Hospice Care Helps People Meet End-of-Life Goals


For many in the hospice industry, caring for people at the end of life is a calling. Tarrah Lowry, president and CEO of Sangre de Cristo Hospice and Palliative Care in Pueblo, Colorado, began working in hospice care by a rather unusual route: through the automotive industry. Lowry had an established career in the automotive industry, but when her children were young, she and her husband stepped away from their careers for one year to work on a mission project in Africa that served HIV-positive children. While her husband worked on the mission project, Lowry expected to be a stay-at-home mom. She ended up volunteering weekly at a state-run hospital that had hundreds of pediatric patients. During one of her early visits to the hospital, she encountered a baby who was dying. Due to understaffing and overcrowding in the hospital, there was no one who could stay with the baby, so Lowry was granted permission to hold the baby, and she stayed with him until he died. From that day on, the nurses would reach out to Lowry to provide comfort when other babies were at the end of life.

Continuing the Mission

Once back in the United States, Lowry knew she wanted to continue providing comfort to individuals who were dying. That’s when she began to work as a local hospice volunteer at Sangre de Cristo. She was eventually hired for an entry-level marketing position, and over time took other positions with increasing responsibility. In 2016, she became the CEO. In reflecting on the journey that brought her to hospice and her current role at Sangre de Cristo, Lowry acknowledges that while her passion is for the care hospice provides, she recognizes that she has business savvy. “I know my talents are different than my passion, but that my talents are being used for my passion,” Lowry explains.

Education About Hospice Care

Lowry and her staff work closely with physicians, families, and patients to provide education about hospice care. This type of care provides physical, emotional, and spiritual support for the whole person, as well as the needs of the family. Typically, hospice is recommended as an option when an individual has a life-limiting illness and has six months to live if the disease/illness progresses normally. To enter hospice care, patients must elect to give up aggressive treatment. While this can be a difficult decision for some, Lowry points out that many people who have been dealing with a long-term illness are tired of regular visits to the emergency room or hospital. They often wonder if the treatments are making them feel worse than the disease. For these people, the transition to hospice care can be an opportunity to feel good and really enjoy the time they have left.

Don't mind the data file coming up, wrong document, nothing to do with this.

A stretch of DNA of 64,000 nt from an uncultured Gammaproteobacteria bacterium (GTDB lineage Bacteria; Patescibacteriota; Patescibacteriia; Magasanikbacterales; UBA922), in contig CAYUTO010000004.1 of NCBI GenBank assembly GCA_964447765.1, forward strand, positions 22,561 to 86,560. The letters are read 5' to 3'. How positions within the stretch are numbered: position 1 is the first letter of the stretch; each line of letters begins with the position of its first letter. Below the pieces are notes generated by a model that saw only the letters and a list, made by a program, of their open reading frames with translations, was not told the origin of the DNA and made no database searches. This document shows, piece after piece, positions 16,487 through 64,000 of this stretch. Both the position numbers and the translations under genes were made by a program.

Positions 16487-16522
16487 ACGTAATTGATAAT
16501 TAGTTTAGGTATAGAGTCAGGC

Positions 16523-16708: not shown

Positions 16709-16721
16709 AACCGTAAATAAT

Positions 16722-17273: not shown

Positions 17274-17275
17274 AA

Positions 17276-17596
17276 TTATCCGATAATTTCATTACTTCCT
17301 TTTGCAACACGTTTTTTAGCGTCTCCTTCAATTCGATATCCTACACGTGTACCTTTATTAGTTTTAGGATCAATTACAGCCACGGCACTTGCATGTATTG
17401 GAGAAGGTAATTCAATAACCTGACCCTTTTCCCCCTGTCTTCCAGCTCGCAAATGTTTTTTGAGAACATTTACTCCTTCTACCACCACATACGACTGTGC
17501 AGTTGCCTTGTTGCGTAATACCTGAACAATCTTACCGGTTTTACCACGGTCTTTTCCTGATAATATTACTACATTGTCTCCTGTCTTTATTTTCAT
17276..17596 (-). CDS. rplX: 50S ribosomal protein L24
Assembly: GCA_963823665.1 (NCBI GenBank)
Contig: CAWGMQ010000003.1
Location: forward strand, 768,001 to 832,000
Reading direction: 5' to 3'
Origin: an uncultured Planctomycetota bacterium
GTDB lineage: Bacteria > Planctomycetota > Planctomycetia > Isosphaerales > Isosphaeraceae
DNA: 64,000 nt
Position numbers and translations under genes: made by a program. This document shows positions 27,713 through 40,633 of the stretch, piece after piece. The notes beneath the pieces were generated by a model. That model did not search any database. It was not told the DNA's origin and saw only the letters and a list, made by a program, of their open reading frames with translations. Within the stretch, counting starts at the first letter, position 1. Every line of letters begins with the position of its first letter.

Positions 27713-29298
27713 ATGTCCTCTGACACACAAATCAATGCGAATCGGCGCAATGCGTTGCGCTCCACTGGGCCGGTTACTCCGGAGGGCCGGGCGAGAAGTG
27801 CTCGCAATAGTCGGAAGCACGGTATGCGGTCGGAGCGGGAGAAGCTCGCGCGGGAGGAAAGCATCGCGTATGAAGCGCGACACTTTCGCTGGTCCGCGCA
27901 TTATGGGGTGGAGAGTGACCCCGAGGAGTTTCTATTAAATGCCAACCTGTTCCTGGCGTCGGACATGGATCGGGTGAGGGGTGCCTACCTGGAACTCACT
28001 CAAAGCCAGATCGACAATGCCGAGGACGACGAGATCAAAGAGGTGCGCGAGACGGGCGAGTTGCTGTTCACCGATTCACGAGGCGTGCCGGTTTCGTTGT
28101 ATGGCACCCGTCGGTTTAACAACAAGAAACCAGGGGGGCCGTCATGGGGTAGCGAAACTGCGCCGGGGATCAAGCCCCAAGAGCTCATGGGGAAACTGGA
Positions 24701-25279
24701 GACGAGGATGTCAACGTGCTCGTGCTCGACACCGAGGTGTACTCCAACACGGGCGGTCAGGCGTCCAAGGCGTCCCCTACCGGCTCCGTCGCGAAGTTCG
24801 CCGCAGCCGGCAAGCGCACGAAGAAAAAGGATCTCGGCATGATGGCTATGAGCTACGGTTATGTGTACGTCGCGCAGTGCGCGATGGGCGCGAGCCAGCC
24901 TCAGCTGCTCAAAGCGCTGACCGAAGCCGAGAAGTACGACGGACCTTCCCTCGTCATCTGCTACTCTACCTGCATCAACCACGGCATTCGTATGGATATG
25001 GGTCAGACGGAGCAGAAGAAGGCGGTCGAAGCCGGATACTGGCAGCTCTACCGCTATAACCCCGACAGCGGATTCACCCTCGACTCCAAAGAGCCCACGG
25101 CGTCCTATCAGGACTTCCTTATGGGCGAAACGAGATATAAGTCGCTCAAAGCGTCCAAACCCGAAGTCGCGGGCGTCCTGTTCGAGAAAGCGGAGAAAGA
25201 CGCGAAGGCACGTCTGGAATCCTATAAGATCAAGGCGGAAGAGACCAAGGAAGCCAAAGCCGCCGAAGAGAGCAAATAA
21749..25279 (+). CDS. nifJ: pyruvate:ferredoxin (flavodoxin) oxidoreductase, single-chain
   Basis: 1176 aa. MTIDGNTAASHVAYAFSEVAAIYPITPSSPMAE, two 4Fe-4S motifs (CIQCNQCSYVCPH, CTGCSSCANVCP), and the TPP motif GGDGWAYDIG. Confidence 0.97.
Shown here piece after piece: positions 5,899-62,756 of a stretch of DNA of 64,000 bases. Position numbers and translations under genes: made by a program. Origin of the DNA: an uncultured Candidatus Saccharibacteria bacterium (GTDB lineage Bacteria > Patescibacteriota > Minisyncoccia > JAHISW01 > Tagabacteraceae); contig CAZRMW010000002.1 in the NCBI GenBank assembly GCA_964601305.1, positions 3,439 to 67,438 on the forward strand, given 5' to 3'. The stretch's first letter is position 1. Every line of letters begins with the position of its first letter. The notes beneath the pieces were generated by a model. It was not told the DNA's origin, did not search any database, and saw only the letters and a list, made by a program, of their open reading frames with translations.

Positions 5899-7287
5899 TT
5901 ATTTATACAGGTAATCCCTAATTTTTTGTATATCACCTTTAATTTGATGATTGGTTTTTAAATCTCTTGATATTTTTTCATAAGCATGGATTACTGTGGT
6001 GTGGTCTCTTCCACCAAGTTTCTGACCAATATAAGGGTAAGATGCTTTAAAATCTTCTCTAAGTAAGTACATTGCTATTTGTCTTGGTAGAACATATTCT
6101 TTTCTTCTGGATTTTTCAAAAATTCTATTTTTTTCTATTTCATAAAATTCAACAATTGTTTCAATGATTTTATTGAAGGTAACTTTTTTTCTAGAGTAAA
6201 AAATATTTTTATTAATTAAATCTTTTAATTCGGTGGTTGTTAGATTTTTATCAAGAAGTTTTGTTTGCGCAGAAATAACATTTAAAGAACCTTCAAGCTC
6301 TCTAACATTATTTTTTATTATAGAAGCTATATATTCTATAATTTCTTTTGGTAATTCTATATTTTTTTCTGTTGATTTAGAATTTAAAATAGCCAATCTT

One of the points that Lowry and others in the hospice field like to emphasize is the importance of reaching out to hospice early. Oftentimes, physicians and families wait until an individual has weeks or even days to live. While hospice can still be a benefit, the family and the patient have the most to gain when hospice care begins early, and the goals can be discussed.

The Goals of Hospice Care

Lowry recommends having conversations about goals of care during each health care interaction – from home health and palliative care to hospice care. The goals at each stage may change, but having these conversations early removes some of the discomfort that we inherently feel when discussing aging and death. It enables the individual to make his or her goals known and provides the family with comfort knowing they are honoring their loved one’s wishes.

According to Lowry, when patients are asked what they want things to look like at the end of their life, almost universally people say that they want to have their symptoms managed and that they would like to stay at home and be surrounded by the people and things they love. Lowry believes that nothing is more powerful for physicians and families than to see how hospice can get everyone on the same page and accomplish these goals.

The Help Choose Home Podcast

Listen to the full interview with Tarrah Lowry in the Help Choose Home podcast series to learn more. This episode and others in the series can be found on Apple Podcasts or Google.

The Help Choose Home podcast series provides information and resources for families about senior care options for older adults, as well as topics such as hospice. Podcasts are hosted by Merrily Orsini, executive vice president of Axxess and president and CEO of corecubed, an award-winning home care marketing solutions agency.

Help Choose Home is a collaborative effort by the National Association for Home Care and Hospice (NAHC), Axxess, and corecubed to educate the public about the many benefits of the in-home care industry, which includes non-medical home care, private duty nursing care, medical home health, hospice, and other in-home health and wellness services.

If this episode has been helpful, be sure to leave a five-star review and share the podcast with your friends to help us in the national effort to help choose home! You can connect with Merrily Orsini on Twitter @MerrilyO.

You're in Good Company

See why 7,000 organizations trust Axxess.

See Demo